Place wreaths, garlands and swags out of your pet’s reach – good locations are behind picture frames, over the tops of doors or windows, or above a china cabinet. The mantelpiece is also fine as long as your cat isn’t in the habit of jumping on it.

Avoid mistletoe, hemlock, holly and ivy, which can all make your dog or cat sick. Pine and spruce are just as nice, and you can dress up swags, garlands and wreaths with ribbons, plastic berries and other decorations.

Alternatively, choose artificial greenery. It’s so lifelike nowadays that it can be hard to tell from the real thing – it’s safer for your pet, and less work for you because there’s no dropping.

Plant safety

Holiday plants such as poinsettias, amaryllis, Christmas cactus, cyclamen and potted Norfolk Island pines are popular gifts this time of year, but should also be kept out of your animal’s reach. Hanging baskets can work well for some of these plants. As with live greenery, check them frequently for dropped leaves or flowers.

Animal-friendly ornaments

If you have breakable glass Christmas bulbs and other decorations, it’s a good idea to hang them near the top of the tree and reserve the bottom boughs for plastic and wooden ornaments. Yes, this does mean your tree won’t look perfectly decorated, but it’s better than having to rush your companion to the vet because he has shards of glass in his mouth or throat. It also preserves your more valuable ornaments from breakage.

Avoid hanging edibles on your tree, unless you want your canine companion stealing cookies and candy canes while your back is turned, and possible upsetting his stomach into the bargain. Popcorn strings may be traditional, but they’re a no-no if you have a dog who eats anything — including the string the popcorn is hung on. If you just can’t give up edible decorations, use them to adorn out-of-reach swags and wreaths. The same rule applies to tinsel, which can cause severe intestinal problems if swallowed.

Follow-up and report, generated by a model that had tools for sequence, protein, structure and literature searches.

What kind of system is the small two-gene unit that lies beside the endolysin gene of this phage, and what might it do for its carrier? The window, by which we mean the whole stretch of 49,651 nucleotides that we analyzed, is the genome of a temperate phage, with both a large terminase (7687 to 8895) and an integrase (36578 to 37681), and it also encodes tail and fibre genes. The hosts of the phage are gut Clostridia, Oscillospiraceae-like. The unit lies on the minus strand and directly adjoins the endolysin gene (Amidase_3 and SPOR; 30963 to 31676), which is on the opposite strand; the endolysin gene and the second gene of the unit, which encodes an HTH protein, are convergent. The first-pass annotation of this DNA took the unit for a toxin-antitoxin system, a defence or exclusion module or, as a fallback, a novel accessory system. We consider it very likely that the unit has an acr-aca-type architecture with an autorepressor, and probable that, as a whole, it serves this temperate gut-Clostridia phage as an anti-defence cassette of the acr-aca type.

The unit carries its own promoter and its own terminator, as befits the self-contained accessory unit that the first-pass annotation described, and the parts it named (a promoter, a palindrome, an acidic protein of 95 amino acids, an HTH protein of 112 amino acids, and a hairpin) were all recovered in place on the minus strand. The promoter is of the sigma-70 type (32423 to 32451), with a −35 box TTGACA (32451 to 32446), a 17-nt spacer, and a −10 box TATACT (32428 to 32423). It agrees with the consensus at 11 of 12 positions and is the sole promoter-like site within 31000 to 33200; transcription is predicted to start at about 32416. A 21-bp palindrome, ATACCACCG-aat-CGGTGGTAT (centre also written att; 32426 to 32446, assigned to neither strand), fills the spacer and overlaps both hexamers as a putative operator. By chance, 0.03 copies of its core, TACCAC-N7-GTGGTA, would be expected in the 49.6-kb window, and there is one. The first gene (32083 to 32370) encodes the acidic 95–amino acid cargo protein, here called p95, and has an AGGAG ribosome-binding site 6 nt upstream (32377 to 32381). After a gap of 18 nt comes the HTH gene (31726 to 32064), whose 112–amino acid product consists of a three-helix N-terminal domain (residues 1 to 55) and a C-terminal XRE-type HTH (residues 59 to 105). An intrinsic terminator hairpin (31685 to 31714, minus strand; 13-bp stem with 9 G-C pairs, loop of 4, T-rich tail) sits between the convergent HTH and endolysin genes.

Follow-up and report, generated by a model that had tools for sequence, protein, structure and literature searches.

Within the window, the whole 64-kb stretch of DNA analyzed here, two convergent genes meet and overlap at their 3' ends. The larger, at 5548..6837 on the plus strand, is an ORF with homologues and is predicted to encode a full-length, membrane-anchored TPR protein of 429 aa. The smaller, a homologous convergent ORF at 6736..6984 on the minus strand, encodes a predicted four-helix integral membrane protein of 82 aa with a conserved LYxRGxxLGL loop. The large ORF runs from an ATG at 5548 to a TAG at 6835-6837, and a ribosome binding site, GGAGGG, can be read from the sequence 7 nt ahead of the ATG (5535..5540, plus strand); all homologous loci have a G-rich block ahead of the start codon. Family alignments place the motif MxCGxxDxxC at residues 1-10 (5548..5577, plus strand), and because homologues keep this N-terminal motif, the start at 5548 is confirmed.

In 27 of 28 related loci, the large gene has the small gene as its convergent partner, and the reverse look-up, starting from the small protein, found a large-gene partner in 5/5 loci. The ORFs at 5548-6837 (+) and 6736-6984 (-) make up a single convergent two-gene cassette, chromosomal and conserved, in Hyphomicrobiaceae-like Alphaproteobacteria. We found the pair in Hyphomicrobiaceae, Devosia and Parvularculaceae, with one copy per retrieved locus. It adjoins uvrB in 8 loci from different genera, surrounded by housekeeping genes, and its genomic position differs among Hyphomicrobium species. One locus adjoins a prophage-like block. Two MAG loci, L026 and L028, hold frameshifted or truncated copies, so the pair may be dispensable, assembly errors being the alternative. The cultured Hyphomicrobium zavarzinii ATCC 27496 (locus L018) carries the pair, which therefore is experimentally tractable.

Care with candles

The holidays wouldn’t be the same without the warm glow of candlelight. But what kind of candles are you burning? Paraffin candles emit toxins, including carcinogenic smoke and soot. Paraffin is a byproduct of petroleum and therefore not a healthy thing to be burning inside your home.

Popular alternatives include beeswax and soy candles, with natural cotton wicks if you can get them. In fact, burning beeswax candles can actually clean the air in your home by producing negative ions that help remove dust, allergens and odors.

Along with using non-toxic candles, remember to keep them well out of the way of waving tails or inquisitive noses or paws. Cats especially are often attracted by moving flames, so put your candles on surfaces your feline can’t access by jumping on. Wait until you sit down for dinner before lighting centerpiece candles, and never leave burning candles unattended.

  • Never leave burning candles unattended, especially if you have pets.
  • Make sure candles are in holders, and place them out of reach of dogs and cats – never near the edge of a table or shelf, or close to any fabric.
  • Flameless LED candles are an effective alternative to the regular kind, and feature flickering lights that look very realistic.

By making a few compromises, taking some extra care, and using your imagination, you’ll find that dogs, cats and holiday decorations can co-exist happily and safety.